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American (Un)Productivity

28 July 2010 One Comment

The American economy is fascinating.  Despite the fact that we no longer build as much as we used to, it’s still considered a big economy.  If you consider that jobs that manufacture goods that the rest of the world wants as productive jobs (not an official definition), it’s insane to think of how many people are employed with unproductive jobs – including me.  The American economy is full of service-based jobs, while some assist productive jobs, many others are parasites on them.


Consider the millions of Americans who are lawyers.  While an attorney is a respectable profession and one that is an important part of society, it’s undeniable that America has turned into an over-litigious society.  Frivolous lawsuits are everywhere and they take away time and money from productive means.  You can sue somebody for anything these days – regardless of how ridiculous the suit is.

How about the IRS?  They have over 100,000 employees and that will grow (even the health care reform bill increases the size of the IRS).  How much time do small businesses have to spend dealing with the IRS and keeping their taxes straight?  Because of the IRS burden upon millions, there are also millions of accountants (again, another service job).

The reality is that simple reforms would change both of the above examples drastically.  Implement a loser-pay type situation and frivolous lawsuits would become minimal; simplify the tax code and the time required to do taxes drops considerably.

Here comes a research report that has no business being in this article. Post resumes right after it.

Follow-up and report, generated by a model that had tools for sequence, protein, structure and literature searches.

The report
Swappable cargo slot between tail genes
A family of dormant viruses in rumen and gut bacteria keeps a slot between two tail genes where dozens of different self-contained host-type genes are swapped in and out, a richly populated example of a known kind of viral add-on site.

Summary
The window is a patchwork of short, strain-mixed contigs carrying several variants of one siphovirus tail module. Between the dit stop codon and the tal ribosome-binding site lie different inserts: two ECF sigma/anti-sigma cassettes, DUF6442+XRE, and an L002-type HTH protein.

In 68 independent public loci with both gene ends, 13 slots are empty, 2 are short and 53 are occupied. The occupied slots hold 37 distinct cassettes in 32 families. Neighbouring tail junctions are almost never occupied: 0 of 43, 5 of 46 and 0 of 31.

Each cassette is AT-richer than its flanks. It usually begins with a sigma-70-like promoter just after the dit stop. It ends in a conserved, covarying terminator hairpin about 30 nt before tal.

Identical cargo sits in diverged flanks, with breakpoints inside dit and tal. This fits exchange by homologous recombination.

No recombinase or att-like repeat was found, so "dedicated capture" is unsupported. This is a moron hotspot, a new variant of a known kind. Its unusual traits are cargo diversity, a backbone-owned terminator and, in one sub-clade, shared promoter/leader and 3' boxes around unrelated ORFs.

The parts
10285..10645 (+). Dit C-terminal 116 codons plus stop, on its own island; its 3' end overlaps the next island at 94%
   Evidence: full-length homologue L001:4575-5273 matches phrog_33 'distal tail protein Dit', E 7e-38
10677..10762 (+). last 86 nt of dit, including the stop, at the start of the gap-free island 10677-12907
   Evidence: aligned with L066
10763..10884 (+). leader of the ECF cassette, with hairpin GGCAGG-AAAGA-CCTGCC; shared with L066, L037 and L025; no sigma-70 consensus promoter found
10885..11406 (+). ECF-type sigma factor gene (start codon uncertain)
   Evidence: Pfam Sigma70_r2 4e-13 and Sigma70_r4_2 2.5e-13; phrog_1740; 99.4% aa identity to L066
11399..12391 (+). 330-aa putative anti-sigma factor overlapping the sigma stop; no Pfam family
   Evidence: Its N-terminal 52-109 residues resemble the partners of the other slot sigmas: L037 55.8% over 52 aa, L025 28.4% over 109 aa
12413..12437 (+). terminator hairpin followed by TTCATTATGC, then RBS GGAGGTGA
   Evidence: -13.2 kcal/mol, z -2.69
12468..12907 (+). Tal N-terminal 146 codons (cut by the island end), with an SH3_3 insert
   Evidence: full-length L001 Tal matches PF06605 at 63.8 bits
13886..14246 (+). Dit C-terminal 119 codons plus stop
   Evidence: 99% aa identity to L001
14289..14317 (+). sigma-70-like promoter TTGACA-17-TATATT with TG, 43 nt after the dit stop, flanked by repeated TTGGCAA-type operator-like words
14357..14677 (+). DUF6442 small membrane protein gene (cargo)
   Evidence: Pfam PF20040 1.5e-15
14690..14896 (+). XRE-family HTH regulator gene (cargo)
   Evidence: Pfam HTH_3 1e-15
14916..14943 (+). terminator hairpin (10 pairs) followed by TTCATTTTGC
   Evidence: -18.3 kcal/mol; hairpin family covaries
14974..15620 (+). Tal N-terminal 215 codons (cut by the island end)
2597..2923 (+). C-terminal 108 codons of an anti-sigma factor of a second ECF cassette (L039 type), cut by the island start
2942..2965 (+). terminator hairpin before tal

A common argument against such reforms is that it would put accountants out of business or the IRS would lay off tens of thousands and then more people would be out of a job.  This is a terrible argument and is a prime example of the fallacy regarding employment.

Max Employment vs. Max Production

Too many people believe maximum employment to be the main goal of economic policy.  This is false.  The main goal of economic policy should be maximum production.  Max production brings in the max amount of wealth into the country which fuels growth, taxes, etc.

For example, if max unemployment were the end goal, we could employ a gazillion people to dig a hole and then another gazillion people to fill it back up.  Why don’t we do this?  Because it’s completely unproductive and results in zero economic gain.  Unfortunately, too much of our economic policy is just this.

The reality is that we should restructure our economy and make it more productive even if it means a million fewer accountants, a million fewer IRS agents, and a million fewer lawyers.  The government should not be in the business of trying to keep certain industries afloat (i.e. American auto industry).  Would it have been productive to keep the industry that produced wagons afloat a few hundred years ago?  Of course not.

Economic restructuring requires pain for some.  It means some unemployment.  It means some retraining and learning of new skills.  It means entire industries might vanish.  This is the market moving an economy forward.  It shouldn’t be resisted.  If it is resisted, the economy will fall behind other economies and possibly stay in an economic downturn for a prolonged period of time.  This is exactly where we find ourselves today.

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